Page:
As you know, CRL has long collected and preserved the documents and publications of domestic and foreign governments, and has acquired in microform the archives of many of those regimes. This has been a way of ensuring that information and documentary evidence vital to scholarship remains available to researchers for the long term.
The digital environment brings new complexities and uncertainties to our task. The immense oceans of information that government agencies produce and collect today, and the inherent fluidity and impermanence of digital media, require a fundamental rethinking of longstanding preservation practices.
At the same time, those very technologies are creating tremendous new possibilities for information access and management. Governments worldwide are committing to “open data,” and a growing army of activists and entrepreneurs are now embracing government transparency as a cause, if not a business opportunity.
The 2014 Global Resources Forum Leviathan: Libraries and Big Government in the Age of Big Data, convened by CRL on April 24-25, explored these new realities and examined the complexities and opportunities that they present. Forum speakers – leaders, experts, practitioners, and creative thinkers in the field -- identified ways in which “e-government” threatens the long-term integrity and accessibility of government information. The discussions also yielded five broad strategies that research libraries, individually and collectively, can adopt to address those threats.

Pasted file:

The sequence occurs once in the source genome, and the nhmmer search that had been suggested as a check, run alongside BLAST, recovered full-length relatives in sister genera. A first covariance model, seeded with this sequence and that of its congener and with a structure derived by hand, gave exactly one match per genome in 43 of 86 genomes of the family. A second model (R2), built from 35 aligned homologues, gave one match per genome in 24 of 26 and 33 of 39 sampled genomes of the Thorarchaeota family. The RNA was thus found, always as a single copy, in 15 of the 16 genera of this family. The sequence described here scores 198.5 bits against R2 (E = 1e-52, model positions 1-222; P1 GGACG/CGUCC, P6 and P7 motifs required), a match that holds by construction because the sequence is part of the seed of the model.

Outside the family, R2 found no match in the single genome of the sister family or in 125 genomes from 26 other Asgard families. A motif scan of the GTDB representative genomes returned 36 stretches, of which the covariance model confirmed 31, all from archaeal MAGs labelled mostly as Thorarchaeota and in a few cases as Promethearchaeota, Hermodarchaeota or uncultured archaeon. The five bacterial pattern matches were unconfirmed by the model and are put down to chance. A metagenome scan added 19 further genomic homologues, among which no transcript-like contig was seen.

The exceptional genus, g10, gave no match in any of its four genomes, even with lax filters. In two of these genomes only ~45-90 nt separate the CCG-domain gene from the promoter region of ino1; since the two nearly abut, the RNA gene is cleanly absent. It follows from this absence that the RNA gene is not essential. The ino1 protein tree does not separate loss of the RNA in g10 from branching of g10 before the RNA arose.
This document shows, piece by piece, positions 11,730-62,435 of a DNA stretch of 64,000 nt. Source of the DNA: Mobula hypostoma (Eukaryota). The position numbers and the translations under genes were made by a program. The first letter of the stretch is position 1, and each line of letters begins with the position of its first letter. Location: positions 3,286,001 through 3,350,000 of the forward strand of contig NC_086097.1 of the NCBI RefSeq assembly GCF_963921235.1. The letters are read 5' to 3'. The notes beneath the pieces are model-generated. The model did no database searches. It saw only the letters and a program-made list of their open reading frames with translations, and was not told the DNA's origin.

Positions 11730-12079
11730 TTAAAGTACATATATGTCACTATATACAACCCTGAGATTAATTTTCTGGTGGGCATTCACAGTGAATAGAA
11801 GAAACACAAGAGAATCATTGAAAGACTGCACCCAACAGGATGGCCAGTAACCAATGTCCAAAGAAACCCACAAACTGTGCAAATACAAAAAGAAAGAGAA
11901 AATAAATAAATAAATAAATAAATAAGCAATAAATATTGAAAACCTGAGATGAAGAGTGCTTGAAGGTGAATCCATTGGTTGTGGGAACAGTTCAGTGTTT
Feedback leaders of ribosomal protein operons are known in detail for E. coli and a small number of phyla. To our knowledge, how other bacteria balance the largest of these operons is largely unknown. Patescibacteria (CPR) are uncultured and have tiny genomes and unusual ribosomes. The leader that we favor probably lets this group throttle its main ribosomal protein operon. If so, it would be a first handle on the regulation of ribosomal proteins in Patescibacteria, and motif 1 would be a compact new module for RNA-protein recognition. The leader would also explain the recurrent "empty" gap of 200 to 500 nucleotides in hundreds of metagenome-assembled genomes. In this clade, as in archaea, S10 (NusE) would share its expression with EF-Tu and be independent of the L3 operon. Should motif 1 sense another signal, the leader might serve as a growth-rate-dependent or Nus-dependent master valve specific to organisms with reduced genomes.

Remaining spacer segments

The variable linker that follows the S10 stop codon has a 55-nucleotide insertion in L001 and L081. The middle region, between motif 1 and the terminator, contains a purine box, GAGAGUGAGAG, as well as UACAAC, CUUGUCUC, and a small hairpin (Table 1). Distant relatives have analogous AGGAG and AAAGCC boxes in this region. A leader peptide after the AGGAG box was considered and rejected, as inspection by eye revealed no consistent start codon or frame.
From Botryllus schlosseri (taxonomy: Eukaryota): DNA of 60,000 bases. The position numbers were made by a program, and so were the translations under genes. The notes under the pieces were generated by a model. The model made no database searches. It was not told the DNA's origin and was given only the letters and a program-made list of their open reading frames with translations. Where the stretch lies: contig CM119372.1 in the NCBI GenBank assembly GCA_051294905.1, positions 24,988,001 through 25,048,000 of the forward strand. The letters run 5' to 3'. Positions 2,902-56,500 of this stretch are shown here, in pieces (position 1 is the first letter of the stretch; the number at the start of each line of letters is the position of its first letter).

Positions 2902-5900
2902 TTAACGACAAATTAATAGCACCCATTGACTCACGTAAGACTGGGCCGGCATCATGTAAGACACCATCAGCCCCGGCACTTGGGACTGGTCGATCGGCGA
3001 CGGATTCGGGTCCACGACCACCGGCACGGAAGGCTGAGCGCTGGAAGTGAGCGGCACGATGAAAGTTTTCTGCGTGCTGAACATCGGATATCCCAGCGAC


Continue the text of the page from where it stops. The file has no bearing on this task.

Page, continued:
The presentations and discussions are now archived online at: www.crl.edu/leviathan. A full report of the event and a detailed action plan for CRL will appear in CRL’s newsletter this summer. Meanwhile, I want to you give you the attached brief synopsis of the challenges and strategies, as they will inform CRL planning and priorities in the field of government information for the coming years.
The activities called for may not resemble those one traditionally associates with CRL, but we believe that they are best suited to the challenges we face. I welcome your thoughts and advice.
Bernard F. Reilly
Center for Research Libraries